CBC has published an interesting article exploring the seemingly endless debate on bicycle helmets. Personally, I wear a helmet, having cracked three in falls over the years and walked away from those falls. Still, I understand that a helmet provides no useful protection in a serious collision. I also understand that helmets, like seat belts in a car, only come into play when a collision or misadventure is already in motion. Finally, from decades of studying cycling issues, I also understand that cycling benefits far outweigh all the risks, and that providing safe infrastructure and facilities for cycling is much more effective in preventing injury than any passive device will ever be. The helmet debate detracts us from that more important work. It’s also clear that legislating helmets is ineffective (pdf). Read CBC article here.
An interesting article reporting on a constrained research piece exploring people’s perceptions of others who are driving or biking. The research is constrained because the sampling drew from attendees at a transportation conference, limiting the findings’ applicability to the general population. Nevertheless, the findings generate some interesting insights and comparison with more generalized surveys reported elsewhere. Read more here.
The causal linkage of cycling infrastructure with increased cycling modal share has been well researched and proven in several case studies. That linkage has now been extended to quantify the long-assumed reduction in GHG emissions that contribute to climate change. The Canadian-based research examined over ten years of data from Montreal, reaffirmed the positive link between cycling infrastructure and modal share uptake, and went on to quantify the GHG reductions resulting from modal switch from autos to bikes. Bottom line? Building bike infrastructure results in cycling uptake and a quantifiable reduction in motorized modal share, contributing (among other things) to slowing climate change. Read more here.
Cycling, like swimming, as a generally non-load bearing form of aerobic exercise, is ideal for the 1/3+ of the population struggling with obesity. In one focus group session with 60 bariatric surgery patients, when asked how many remember having fun riding bikes as kids, nearly all hands went up. When asked if they’d consider riding again to lose weight if it were safe and comfortable, all those hands went back up. A not-insignificant part of the “safe and comfortable” challenge is the “safe” aspect, and much attention is being given to education and cycling infrastructure. However, safe and comfortable bikes for heavier riders are hard to come by. Here’s an article on the quest to solve that challenge. One aspect not addressed though is the obvious advantage of pedelecs, or power-assisted e-bikes. Read more here.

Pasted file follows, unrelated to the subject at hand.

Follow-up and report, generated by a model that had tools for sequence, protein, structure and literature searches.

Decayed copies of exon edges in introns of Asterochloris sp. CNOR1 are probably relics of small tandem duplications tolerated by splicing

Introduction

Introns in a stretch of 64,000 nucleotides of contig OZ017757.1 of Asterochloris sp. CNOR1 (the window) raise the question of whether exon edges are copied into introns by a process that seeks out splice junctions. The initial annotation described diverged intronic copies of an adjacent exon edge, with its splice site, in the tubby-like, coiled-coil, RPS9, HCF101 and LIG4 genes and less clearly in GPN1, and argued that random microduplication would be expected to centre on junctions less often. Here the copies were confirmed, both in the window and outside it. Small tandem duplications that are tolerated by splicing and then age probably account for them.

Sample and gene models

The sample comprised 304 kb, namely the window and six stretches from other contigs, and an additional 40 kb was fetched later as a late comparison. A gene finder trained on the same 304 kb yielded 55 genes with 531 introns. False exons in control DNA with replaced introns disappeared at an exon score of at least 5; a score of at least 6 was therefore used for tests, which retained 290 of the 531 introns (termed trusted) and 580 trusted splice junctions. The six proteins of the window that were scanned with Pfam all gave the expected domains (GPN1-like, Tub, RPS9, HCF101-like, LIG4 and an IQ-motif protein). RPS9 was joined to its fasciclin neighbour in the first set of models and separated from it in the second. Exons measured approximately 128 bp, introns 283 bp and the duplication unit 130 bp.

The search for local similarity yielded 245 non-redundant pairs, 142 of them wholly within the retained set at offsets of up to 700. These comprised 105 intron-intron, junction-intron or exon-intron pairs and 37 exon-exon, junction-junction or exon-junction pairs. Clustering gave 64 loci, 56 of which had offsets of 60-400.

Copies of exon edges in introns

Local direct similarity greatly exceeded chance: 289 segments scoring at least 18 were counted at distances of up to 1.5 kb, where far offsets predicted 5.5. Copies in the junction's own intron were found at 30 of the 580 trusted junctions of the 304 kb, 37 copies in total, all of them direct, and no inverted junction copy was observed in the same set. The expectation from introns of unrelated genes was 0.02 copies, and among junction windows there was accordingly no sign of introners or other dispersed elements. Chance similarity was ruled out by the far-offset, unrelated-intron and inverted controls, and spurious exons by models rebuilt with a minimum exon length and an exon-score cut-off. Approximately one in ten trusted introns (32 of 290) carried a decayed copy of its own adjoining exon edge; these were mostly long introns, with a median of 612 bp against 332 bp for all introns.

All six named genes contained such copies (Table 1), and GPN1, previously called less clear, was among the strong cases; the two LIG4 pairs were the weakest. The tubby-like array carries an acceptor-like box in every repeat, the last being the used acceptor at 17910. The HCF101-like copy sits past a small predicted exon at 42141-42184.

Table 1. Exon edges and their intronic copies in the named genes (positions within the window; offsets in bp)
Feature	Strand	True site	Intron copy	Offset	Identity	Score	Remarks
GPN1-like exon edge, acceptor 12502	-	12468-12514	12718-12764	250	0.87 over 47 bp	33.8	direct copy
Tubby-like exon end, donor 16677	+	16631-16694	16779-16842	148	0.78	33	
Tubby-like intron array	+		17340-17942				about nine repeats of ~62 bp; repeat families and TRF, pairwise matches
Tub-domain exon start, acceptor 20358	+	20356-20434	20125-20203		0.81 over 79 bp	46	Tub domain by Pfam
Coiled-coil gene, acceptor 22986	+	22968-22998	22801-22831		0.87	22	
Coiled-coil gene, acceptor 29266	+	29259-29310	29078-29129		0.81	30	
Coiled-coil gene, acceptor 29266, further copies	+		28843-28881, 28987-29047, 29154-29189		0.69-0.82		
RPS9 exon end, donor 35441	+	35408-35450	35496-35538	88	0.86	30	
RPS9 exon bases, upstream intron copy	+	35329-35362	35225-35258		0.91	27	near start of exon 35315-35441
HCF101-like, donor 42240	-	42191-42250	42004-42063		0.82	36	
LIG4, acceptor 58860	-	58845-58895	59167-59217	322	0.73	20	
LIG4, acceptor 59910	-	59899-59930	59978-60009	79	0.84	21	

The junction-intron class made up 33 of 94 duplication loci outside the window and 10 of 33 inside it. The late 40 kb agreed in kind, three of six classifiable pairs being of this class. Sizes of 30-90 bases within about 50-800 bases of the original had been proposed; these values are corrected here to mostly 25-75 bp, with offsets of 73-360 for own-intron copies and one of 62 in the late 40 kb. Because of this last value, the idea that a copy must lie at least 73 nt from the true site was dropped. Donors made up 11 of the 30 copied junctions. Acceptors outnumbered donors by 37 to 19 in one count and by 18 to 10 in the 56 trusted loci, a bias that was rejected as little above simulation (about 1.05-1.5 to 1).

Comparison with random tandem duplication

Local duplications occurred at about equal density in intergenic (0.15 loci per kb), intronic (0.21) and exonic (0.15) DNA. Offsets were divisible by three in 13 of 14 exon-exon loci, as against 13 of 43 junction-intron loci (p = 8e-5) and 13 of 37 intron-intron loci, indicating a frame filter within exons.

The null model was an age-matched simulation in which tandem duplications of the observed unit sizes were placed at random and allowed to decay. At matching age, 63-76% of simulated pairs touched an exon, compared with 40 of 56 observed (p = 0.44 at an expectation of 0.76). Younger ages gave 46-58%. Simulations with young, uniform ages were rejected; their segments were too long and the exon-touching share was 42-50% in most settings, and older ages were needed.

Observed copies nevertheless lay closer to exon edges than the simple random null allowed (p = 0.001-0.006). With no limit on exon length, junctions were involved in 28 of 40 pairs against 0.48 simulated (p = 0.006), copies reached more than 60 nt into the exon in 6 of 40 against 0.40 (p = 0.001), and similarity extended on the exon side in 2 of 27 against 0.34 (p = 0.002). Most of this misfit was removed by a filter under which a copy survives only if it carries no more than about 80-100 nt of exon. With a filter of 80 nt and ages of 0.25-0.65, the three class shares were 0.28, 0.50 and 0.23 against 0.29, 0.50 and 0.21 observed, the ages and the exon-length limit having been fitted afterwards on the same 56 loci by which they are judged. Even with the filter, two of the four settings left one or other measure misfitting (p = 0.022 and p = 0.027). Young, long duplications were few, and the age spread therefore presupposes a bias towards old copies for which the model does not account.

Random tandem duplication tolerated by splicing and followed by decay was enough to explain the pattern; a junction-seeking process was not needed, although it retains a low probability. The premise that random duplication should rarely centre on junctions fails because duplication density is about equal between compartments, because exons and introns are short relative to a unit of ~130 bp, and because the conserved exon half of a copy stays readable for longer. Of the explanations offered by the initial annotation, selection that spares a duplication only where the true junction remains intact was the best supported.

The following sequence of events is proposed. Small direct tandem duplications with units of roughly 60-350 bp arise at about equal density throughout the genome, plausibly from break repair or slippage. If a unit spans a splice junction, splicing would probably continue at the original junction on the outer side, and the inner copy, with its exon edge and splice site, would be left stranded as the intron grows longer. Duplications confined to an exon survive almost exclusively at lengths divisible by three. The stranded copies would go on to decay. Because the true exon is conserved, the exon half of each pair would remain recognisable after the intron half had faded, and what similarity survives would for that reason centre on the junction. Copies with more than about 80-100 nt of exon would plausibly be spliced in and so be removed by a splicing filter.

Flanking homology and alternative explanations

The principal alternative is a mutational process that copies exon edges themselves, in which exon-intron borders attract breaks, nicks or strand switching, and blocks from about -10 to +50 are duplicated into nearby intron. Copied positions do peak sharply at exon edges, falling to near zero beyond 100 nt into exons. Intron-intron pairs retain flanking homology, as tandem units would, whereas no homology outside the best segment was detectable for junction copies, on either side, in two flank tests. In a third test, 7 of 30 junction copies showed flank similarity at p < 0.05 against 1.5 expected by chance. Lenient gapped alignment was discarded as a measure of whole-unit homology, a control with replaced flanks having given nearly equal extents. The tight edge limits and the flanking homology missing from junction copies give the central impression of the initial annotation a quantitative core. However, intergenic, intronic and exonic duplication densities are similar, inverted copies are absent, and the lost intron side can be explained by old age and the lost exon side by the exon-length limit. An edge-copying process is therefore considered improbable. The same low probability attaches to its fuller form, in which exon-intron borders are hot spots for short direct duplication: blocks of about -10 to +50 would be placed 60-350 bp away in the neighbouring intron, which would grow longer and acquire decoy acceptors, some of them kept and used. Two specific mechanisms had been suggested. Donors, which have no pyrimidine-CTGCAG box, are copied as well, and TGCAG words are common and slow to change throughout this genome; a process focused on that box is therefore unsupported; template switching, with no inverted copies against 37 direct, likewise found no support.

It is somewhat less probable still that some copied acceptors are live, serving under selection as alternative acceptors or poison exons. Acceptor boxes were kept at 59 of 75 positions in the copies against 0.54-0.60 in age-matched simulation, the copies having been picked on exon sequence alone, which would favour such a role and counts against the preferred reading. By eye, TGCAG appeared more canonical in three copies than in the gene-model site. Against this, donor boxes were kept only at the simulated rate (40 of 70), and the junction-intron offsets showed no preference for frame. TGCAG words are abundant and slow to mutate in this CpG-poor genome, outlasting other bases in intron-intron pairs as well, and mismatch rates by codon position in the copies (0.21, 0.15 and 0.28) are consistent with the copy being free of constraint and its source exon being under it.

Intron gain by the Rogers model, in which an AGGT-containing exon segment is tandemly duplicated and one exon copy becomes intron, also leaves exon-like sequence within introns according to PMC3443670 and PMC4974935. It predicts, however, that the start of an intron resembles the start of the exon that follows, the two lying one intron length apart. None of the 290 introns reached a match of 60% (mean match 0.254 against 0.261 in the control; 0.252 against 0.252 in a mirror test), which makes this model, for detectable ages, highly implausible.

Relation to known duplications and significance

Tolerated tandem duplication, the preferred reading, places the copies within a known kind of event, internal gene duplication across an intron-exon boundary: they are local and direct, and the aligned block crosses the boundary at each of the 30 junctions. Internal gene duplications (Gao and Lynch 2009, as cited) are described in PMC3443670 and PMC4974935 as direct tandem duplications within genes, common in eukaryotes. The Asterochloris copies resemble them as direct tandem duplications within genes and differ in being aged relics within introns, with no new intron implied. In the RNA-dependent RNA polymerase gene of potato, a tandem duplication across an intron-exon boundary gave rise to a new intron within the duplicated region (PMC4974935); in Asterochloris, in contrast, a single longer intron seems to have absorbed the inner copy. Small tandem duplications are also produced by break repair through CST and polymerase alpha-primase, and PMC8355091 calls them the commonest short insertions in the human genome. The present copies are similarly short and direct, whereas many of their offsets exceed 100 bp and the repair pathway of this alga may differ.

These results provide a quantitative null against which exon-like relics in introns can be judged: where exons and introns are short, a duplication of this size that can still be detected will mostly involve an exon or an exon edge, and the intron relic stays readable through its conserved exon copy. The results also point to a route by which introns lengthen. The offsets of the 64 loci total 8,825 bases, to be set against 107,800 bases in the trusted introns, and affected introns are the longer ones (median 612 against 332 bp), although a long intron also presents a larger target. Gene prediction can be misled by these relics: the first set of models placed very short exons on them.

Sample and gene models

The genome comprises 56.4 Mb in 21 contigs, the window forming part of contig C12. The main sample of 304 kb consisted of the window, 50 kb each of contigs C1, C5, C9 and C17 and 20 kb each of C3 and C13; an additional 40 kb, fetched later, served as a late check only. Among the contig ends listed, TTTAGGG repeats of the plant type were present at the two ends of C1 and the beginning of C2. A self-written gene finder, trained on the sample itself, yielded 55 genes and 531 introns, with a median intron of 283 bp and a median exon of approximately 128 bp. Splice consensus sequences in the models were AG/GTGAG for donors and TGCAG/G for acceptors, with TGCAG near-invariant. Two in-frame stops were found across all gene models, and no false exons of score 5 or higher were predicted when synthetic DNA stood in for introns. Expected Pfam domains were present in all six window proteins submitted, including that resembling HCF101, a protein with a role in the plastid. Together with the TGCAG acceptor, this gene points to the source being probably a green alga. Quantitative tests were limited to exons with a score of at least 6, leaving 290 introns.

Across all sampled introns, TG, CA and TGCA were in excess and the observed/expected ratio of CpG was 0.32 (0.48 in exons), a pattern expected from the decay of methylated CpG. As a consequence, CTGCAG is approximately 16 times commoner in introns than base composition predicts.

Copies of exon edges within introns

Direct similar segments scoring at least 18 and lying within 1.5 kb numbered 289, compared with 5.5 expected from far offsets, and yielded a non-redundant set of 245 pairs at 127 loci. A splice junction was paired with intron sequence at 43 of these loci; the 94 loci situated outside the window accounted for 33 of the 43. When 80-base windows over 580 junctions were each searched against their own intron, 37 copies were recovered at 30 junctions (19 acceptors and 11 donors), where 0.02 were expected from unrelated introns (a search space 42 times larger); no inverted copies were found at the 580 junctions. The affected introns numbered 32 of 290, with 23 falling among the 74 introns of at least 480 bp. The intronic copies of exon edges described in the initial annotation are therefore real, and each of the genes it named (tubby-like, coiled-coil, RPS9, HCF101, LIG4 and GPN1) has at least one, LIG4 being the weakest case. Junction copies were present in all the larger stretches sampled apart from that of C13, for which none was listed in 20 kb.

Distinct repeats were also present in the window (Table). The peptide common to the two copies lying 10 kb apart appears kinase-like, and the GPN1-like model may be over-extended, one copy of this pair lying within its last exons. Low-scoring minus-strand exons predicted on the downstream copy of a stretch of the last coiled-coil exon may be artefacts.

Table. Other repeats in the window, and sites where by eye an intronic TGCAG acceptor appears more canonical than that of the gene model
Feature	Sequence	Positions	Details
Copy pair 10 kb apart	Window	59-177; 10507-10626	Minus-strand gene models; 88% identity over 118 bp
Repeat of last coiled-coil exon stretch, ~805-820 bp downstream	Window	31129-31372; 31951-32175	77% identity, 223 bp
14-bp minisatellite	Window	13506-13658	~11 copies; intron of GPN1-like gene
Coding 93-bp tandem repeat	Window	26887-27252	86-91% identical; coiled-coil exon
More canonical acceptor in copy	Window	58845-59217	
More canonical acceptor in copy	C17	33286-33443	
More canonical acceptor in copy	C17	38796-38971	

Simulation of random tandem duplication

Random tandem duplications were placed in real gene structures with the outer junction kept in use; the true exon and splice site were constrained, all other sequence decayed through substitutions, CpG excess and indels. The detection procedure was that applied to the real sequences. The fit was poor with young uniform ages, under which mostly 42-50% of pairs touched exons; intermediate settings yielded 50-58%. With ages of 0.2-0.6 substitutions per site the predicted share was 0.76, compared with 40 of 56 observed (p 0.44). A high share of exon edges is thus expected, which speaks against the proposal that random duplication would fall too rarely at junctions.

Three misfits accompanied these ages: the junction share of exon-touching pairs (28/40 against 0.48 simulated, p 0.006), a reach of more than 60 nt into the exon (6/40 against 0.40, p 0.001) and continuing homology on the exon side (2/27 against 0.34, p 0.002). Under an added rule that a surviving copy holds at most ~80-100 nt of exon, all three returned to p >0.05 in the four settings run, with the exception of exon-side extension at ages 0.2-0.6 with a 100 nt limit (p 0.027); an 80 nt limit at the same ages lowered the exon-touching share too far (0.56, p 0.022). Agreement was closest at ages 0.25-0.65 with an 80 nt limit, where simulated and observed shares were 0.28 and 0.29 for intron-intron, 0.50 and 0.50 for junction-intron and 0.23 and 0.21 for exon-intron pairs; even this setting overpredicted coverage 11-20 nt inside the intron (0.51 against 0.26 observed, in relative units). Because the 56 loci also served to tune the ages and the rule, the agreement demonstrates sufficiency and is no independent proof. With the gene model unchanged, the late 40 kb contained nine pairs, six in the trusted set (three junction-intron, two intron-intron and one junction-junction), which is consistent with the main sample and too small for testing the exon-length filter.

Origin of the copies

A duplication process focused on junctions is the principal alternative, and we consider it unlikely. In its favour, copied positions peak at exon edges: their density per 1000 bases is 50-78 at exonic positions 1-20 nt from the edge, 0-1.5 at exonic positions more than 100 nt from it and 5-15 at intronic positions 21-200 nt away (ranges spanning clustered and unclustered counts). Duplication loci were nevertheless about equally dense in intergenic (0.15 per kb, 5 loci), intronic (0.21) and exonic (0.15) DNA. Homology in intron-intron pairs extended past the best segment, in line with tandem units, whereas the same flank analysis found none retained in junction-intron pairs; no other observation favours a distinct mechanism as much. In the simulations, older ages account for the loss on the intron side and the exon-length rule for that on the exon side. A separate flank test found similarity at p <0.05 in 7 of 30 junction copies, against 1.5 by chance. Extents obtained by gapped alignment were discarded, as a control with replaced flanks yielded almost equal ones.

While British in origin, this compendium of resources is a helpful guide for those seeking to find just the right “hooks” for their local cycling advocacy efforts. The references are broad and linked, and provide a useful way to launch more local or regional searches for information more targeted at local needs. Health, traffic congestion, environment, social equity, tourism, property values, and economic opportunity development are all potential hooks, and have all been researched, case studied and monetized across Europe and North America. Read more here. And see other Active Brockville posts for further reference.
New Yorkers are biking to work in record numbers! To find out why, they were asked. The consistent response? Because they feel safer doing so compared to before the build-out of bike lanes, many of them protected. Build it and they will come. Again. See video here.
New road rules are now in effect in Quebec as of July 1st, mirroring Ontario’s recent updates. This includes both the 1m passing law as well as dooring penalties. For those who ride and/or drive in Ontario and Quebec (and Nova Scotia), be aware that there’s a 1m minimum for passing clearance. This means a person driving must either change lanes to pass, crossing the centre line if necessary when the opposing way is clear, or wait behind a person cycling until able to pass. When driving, also remember that on roads too narrow to share side by side, a person cycling is entitled and encouraged to take the whole lane for safety. Read about Quebec’s update here.
This article from Toronto applies to all communities. The conversations around road safety – for all road users in the community, from 8 to 80, have a number of common elements. These are worth knowing and remembering, and quizzing your municipal Council about. Ask them when we can adopt a Vision Zero program, for instance. If they don’t know what any of these elements are, they’re not up to date with cities more progressive and attractive. Read more here.